The Importance of Cross-Selling at a Bank
Do you work at a bank? Yes? If so, then you know the importance of making sales. Opening those accounts is how both you and the bank make money. Perhaps you get paid on commission or you get some sort of monthly or quarterly incentive for exceeding your quota, but whatever the case, you have to sell the bank's products in order to get ahead.
The secret to making your sales goal, of course, is cross-selling. Cross-selling is the act of selling a broad swath of bank products to a customer that only came in for one thing. Just because a customer says they only want a checking account doesn't mean that you only open a checking account. And no bank wants a banker that's a one-trick pony.
But what's the secret to cross-selling? How do you market these products to your customers? Especially the tough ones that claim that all they need is a checking account? It's your responsibility to overcome their objections and show your customers the importance of having a wide variety of products with your bank. While I can't give you a line-by-line script on what to say, if you stick to these points and develop your own way to deliver the pitch, you should find your cross-sell numbers skyrocketing in no time.
Back in the day, banks gave you a 10% interest rate and a toaster for opening an account (free kitchen appliances and they still complained about bank fees? That's the general public for you). With today's abysmally low rates, however, I don't use interest rates as a selling point for a savings or money market account.
Instead, I point out the extra layer of security they get by having most of their money in a savings account. Imagine if someone stole your debit card and tried to go on an illicit spending spree with your money. If all your money is in your checking account, the identity thief has free reign over your money until you catch on and close the card. But if your money is in a savings account, then it's safe from the thief as using the debit card at a store will only debit the checking account. We live in dangerous times where identity theft is becoming more and more prevalent, and every little bit of extra security helps. A savings account can go a long way in protecting your customer's money.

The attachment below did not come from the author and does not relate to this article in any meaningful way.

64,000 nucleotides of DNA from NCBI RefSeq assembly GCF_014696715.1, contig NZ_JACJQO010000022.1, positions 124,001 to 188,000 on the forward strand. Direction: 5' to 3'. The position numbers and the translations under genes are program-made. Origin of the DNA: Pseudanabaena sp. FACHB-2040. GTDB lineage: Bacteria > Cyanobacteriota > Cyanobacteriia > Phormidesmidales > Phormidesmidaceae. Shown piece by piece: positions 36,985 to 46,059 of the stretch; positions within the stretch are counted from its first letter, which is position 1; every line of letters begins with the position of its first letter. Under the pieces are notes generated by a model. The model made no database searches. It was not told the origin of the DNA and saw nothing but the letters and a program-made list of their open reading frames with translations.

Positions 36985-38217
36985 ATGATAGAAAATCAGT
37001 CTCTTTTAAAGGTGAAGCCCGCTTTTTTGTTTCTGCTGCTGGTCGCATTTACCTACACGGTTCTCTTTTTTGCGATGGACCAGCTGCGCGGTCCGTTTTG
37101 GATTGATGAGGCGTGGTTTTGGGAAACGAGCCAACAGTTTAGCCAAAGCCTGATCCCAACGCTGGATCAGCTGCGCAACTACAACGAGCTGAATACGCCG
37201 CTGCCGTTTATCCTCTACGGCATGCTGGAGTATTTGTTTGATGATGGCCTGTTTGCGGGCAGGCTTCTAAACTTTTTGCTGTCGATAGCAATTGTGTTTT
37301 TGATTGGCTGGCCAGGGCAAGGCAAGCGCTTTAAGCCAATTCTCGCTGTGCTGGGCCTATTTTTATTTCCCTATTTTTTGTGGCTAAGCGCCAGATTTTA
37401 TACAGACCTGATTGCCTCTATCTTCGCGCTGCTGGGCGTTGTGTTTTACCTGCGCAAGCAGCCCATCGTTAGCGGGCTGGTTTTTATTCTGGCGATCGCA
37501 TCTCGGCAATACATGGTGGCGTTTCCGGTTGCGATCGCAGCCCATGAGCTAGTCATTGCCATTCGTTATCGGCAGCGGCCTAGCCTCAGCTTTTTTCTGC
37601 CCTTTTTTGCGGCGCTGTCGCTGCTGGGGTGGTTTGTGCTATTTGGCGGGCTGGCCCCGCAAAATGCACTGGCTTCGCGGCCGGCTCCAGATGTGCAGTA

Not only that, but in most banks, a savings account can be linked to the checking account to provide overdraft protection services (more on that later). Your customer will be happy to know that there are ways to avoid those extra fees. Speaking of which, does your bank offer any special deals for opening a checking and savings account together? Many banks offer free savings accounts to students and seniors, or higher interest rates for having an active checking account. Does yours? Customers love free stuff, so getting them to open up a free savings account should be no problem. See what special deals your bank offers and pass that knowledge to your customer. Personally, I like to share that information during the initial pitch and bring up the overdraft services and extra layer of security if they seem doubtful or uninterested.
People today are squeamish when it comes to applying for credit cards. And it's easy to see why. High interest rates can lead people on a downward spiral than can lead to bankruptcy, and it happens to way too many people. Plus, many people are afraid of being the victims of credit card fraud and identity theft. So how do you pitch this product, something which so many people see as the financial equivalent of jumping off a bridge?
By pitching the positives, of course! Talk to your customers—especially the college aged ones—about the importance of having a credit card and using it to build credit. We live in a society that demands you have good credit in order to get not just a loan, but a car, rent an apartment, or even get a job! I don't understand that last one either, but that is the reality of our situation today. Good credit opens a lot of doors for us, and bad/no credit can serve as a big deadbolt lock. It's very important that good credit is built early in life, and a credit card is the perfect way to start doing that. And by all means, tell them how to use their credit cards! When I have a young customer that I'm pitching the card to, I make sure he/she knows to use it sparingly and conservatively. To use it only for emergencies or for small amounts. To not “go wild” with the card. Care about your customer, educate them, and teach them good financial habits. Not only will you get this sale, but future ones down the road.
For more experienced customers who have already built credit, talk about specific benefits of your credit card. Most credit cards offer rewards such as airline discounts or cash back just for making purchases with them. They also offer 0% for the first six to twelve months of being a cardholder, and/or no annual fee. Make your credit card stand out in the eyes of your customer. Highlight things such as “double rewards points on qualified purchases” or “5% cash back for the first six months”. It might be a bit more difficult if your credit card isn't particularly competitive compared to the rest, but selling is all about finding something positive about your product and making it the first and foremost thing on your customer's mind. If anything, frame the benefits your card does offer as a “current promotion”, or talk about the great customer service that it has. It may not offer the same rewards as the competition, but you can sell the convenience of having their credit card (and credit card servicing) at the same institution that they normally bank at, and quickly point out that the application process is only a minute!